|Vaginal Births May Provide Brain Benefits that C-Sections Do Not|
Yale University released a study this week that could drastically change the way that scientists, doctors, midwives, and parents view the decision to give birth vaginally or by cesarean. According to the new research, vaginal birth – but not C-section – releases a mega dose of a certain brain-boosting chemical in newborns.
The brain chemical in question is known as UCP2. This protein has been found to promote brain function, protection, and stimulates development in the hippocampus, the area of the brain that deals with short and long-term memory and spatial orientation. Without UCP2, as the study found, brain development is severely impeded.
It is thought that newborns are built to withstand the stress of normal labor, but the mechanism is not fully understood. The UCP2 protein may provide an answer. The study authors speculated that the physical stress of the birth passage may be what triggers such a dramatic release of UCP2 during vaginal birth.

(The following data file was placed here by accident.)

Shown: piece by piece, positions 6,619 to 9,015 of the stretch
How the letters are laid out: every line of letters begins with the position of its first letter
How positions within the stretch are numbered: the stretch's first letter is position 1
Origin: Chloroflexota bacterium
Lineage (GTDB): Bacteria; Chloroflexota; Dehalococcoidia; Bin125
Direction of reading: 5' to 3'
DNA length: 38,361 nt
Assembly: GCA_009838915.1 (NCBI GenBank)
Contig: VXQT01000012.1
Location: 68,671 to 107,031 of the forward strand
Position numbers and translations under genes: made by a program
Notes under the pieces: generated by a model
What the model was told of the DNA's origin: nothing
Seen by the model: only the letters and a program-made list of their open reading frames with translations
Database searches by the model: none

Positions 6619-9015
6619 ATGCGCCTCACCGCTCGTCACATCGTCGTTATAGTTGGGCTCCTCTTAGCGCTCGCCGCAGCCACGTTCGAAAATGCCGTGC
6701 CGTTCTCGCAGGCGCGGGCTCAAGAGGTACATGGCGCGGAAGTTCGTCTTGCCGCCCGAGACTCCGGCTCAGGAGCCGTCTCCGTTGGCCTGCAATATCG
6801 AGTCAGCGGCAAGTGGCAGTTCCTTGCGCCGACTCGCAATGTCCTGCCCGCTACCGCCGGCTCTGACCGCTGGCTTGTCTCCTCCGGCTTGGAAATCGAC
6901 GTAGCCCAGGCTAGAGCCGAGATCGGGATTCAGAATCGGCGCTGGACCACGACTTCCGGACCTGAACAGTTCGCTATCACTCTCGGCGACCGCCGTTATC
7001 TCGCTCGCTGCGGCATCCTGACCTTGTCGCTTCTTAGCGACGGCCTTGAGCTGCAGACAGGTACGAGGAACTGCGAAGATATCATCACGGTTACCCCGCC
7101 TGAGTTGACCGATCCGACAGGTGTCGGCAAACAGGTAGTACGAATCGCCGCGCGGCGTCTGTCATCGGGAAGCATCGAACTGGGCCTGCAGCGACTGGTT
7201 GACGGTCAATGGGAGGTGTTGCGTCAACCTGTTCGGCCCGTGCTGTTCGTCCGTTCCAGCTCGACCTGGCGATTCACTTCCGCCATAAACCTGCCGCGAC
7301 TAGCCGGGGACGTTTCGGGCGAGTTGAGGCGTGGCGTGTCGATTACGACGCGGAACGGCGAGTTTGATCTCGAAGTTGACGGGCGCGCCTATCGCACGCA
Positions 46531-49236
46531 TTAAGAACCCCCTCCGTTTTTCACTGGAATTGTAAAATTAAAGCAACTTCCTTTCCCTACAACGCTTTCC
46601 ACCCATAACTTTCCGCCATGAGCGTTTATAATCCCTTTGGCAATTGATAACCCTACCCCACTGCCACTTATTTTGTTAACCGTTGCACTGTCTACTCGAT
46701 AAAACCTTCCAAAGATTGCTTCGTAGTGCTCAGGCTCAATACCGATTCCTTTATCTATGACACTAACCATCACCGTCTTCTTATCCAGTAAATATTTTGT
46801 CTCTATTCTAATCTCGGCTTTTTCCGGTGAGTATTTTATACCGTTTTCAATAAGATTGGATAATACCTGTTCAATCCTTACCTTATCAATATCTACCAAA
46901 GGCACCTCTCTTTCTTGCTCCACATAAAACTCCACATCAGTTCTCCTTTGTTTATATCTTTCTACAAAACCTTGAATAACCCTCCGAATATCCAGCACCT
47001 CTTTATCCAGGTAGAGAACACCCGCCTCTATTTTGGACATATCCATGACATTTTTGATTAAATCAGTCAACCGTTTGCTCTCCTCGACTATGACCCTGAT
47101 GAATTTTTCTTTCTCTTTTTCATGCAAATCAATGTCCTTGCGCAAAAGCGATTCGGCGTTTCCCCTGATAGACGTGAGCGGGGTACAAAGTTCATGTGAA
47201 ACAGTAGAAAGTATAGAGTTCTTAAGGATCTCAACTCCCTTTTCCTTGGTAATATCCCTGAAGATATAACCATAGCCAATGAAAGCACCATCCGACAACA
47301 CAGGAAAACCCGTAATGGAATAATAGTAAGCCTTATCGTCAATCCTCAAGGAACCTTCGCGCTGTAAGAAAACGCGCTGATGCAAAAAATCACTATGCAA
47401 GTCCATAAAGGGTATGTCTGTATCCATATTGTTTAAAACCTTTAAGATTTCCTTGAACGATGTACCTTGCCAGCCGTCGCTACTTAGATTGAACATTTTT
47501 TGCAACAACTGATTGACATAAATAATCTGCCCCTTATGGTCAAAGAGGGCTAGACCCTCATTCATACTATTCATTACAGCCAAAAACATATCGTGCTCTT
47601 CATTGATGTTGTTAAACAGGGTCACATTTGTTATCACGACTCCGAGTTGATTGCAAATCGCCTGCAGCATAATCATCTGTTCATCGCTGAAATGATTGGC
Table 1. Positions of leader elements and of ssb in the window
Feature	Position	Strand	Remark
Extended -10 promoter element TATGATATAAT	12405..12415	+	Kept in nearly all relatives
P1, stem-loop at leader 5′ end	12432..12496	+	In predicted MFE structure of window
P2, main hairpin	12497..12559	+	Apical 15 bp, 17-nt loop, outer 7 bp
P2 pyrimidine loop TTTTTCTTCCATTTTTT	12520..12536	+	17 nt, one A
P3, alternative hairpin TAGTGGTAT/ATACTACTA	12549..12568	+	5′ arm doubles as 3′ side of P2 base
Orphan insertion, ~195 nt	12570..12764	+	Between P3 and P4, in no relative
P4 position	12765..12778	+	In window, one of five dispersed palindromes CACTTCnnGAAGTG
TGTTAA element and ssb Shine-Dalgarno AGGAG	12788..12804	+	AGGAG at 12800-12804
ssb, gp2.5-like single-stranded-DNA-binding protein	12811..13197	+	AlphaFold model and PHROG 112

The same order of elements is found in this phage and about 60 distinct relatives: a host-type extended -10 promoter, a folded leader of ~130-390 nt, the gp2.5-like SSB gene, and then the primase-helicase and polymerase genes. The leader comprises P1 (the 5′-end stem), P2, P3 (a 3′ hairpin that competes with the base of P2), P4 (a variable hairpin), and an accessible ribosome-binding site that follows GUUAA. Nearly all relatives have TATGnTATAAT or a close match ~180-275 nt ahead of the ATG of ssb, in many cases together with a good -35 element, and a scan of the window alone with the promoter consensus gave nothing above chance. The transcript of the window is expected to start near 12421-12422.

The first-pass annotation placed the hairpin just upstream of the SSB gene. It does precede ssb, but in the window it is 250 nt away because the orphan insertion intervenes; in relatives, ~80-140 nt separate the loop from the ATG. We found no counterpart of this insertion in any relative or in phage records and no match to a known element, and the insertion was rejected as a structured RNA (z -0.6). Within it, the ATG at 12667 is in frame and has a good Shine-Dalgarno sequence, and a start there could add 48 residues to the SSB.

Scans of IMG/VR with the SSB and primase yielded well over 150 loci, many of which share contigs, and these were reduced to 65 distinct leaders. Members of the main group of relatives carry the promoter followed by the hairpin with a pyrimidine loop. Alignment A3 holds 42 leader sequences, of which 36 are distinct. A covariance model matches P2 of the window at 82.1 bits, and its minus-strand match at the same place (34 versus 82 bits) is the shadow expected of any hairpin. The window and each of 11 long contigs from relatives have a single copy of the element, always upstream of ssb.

In contrast – UCP2 is released in much lower amounts during cesarean birth because it is arguably not as physically stressful for newborns. C-section babies are born relatively quickly, with little change in their oxygen levels. This relative lack of stress may make cesareans seem more attractive to some.
However, if there is truly a relationship between newborn stress and increased UCP2 levels, maybe stress is not the enemy. In fact it would seem that, in the case of childbirth, normal physiologic stress may be a crucial factor in building a stronger brain.
As tempting as it may be, we cannot yet apply these findings to people, nor can we conclude from these findings that birth by cesarean has lifetime ill effects on the brain development and behavior of adult humans. But this study does seem to suggest that there may be adverse, long-term effects of cesareans on behavior and cognition, and this topic should be more thoroughly explored in future studies.
Source: GO MEDIA: Written by JILL BENSON